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So if dry air is just low humidity, meaning it has the capacity to hold more water vapour, it should make sense that the water droplets from the clouds will just evaporate and fill that dry air with the evaporated water vapour. Right?

However, why does the dry air cause the water droplets to evaporate in the first place, what provides the water molecules with enough energy to become a gas (water vapour)? Is there an intuitive way to understand this concept without any fancy equations?

From what I have read this process is called entrainment.

In advance, thank you for your answers, I have been trying understand cloud formation and this part really got to me, can't wrap my head around the reason why clouds would dissipate (or partially dissipate) when mixing with dryer air.

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  • $\begingroup$ Drops of water evaporate when in dry air, right? Clouds are (lots of) tiny drops of water, so dry air makes the cloud evaporate. (Heck, the word vapor is built into "evaporate".) $\endgroup$
    – RonJohn
    Jul 2 at 16:24
  • $\begingroup$ I am confused to why dry air (which I don't know the temperature of or does it even matter) cause evaporation on the clouds, I know how evaporation works, just wanted to know the reason of it. It doesn't (to me) make intuitive sense. $\endgroup$
    – Miah Tayen
    Jul 2 at 17:09
  • $\begingroup$ Matter, energy, pressure, etc all want to "equalize". For example, put a cold ice cube into a bowl of hot soup; what happens? Heat from the soup transfers into the water-which-is-an-ice-cube. The effect is that the hot soup cools down, and the ice warms to liquid. $\endgroup$
    – RonJohn
    Jul 2 at 17:14
  • $\begingroup$ Likewise, a balloon full of air. It's got lots of air molecules all bumping into one another (aka, it's high pressure). Open the hole, and the air rushes out; thus, the pressure in the balloon equalizes with the pressure outside. $\endgroup$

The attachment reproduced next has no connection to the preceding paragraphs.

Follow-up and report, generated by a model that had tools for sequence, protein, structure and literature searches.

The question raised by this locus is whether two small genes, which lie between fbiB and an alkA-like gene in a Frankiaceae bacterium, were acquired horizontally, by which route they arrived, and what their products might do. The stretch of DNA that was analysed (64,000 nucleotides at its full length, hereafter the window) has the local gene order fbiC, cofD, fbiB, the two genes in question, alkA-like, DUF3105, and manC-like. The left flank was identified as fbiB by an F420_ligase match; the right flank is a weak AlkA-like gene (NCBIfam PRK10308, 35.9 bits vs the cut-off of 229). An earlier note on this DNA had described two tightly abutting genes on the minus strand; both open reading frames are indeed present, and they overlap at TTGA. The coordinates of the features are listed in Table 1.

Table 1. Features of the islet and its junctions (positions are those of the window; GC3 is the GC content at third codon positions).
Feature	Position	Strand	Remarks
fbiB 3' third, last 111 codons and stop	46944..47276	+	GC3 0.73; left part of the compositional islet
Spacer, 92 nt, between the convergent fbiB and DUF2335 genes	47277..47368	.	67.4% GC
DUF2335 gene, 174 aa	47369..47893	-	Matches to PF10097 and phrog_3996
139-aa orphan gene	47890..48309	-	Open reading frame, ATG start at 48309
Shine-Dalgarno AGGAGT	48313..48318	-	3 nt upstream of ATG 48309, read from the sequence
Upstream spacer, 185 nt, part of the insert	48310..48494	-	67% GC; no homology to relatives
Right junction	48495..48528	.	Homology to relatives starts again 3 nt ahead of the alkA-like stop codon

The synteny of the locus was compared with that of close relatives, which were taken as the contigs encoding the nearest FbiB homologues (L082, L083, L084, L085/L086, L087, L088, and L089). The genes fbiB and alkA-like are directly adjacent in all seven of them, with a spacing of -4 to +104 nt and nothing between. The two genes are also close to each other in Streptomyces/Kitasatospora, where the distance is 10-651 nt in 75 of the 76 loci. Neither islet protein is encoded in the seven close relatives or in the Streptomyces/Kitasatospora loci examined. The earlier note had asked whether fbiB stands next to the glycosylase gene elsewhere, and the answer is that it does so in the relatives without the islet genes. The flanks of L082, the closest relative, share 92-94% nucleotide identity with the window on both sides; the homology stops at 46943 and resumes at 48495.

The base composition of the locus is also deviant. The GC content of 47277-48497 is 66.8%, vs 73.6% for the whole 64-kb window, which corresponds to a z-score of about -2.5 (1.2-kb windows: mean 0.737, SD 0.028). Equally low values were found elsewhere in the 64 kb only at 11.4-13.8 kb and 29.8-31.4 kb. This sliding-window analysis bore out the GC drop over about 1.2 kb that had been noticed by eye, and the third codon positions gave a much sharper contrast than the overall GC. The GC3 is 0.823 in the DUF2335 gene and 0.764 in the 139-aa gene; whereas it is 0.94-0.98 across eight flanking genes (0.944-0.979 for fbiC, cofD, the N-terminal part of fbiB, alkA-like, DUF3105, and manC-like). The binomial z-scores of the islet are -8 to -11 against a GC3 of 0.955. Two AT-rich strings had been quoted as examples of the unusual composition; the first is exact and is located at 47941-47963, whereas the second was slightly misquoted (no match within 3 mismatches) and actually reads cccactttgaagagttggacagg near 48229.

– RonJohn
    Jul 2 at 17:17
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    $\begingroup$ en.wikipedia.org/wiki/Le_Chatelier%27s_principle "When any system at equilibrium [in our case, a cloud] for a long period of time is subjected to a change in concentration, temperature, volume, or pressure, [in our case, the addition of dry air] (1) the system changes to a new equilibrium [the air now is moister than what was the dry air, and dryer than what was the cloud], and (2) this change partly counteracts the applied change." $\endgroup$
    – RonJohn
    Jul 2 at 17:24
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Clouds are large masses of tiny liquid water droplets suspended in water vapor-saturated atmosphere (100% relative humidity). At a constant altitude and temperature, this system is in equilibrium: there's always some exchange of water molecules from the surface of these droplets into the surrounding saturated atmosphere and vice versa. Water droplets will not grow in size and neither will the size of the cloud; kinetic energy that exists at any gas/liquid interface controls this system and is fed by the sun (thermal energy) and wind (motion energy).

Once the liquid water droplets find themselves in an atmosphere that is now, say, 20% relative humidity, the water molecules that spall off the surfaces of the droplets are no longer replaced by nearby water molecules and the droplets become smaller until they disappear entirely. This happens from the cloud edges and progresses inward until the cloud disappears.

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You may be assuming cloud droplets are in a "rest" state or some finite ordered state. Cloud droplets are actually growing/shrinking continuously as each molecule of water reacts to its environment and either condenses, evaporates, or remains in solution. Atmospheric pressure aloft is also low enough that the "boiling point" of water decreases, so it can exist as water vapor at lower temperatures than you might think.

There is plenty of "energy" in the atmosphere to allow microdroplets to evaporate: mechanical, heat, and radiant energy. In general you should think of suspended water droplets more like a chaotic system and less like a collection of droplets. Cloud droplets are never isolated or steady-state. Change in a cloud is being driven by the gradient of saturation, temperature, pressure, and the constant movement of the air. The droplets are also constantly impacting each other, which causes them to grow or break apart. As drier air becomes part of that environment, the water molecules at the edges of the droplets have less of a chance of remaining in solution.

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  • $\begingroup$ So, to check my understanding, the low atmospheric pressure makes water droplets within the clouds easy to evaporate than on sea level, makes sense, Thanks. This is what I interpreted from your answer: Is it correct of me to think that the dry air, or any environmental things (sorry for using things) that interacts with the clouds are at a higher temperature than the clouds itself to evaporite it (not instantaneously). $\endgroup$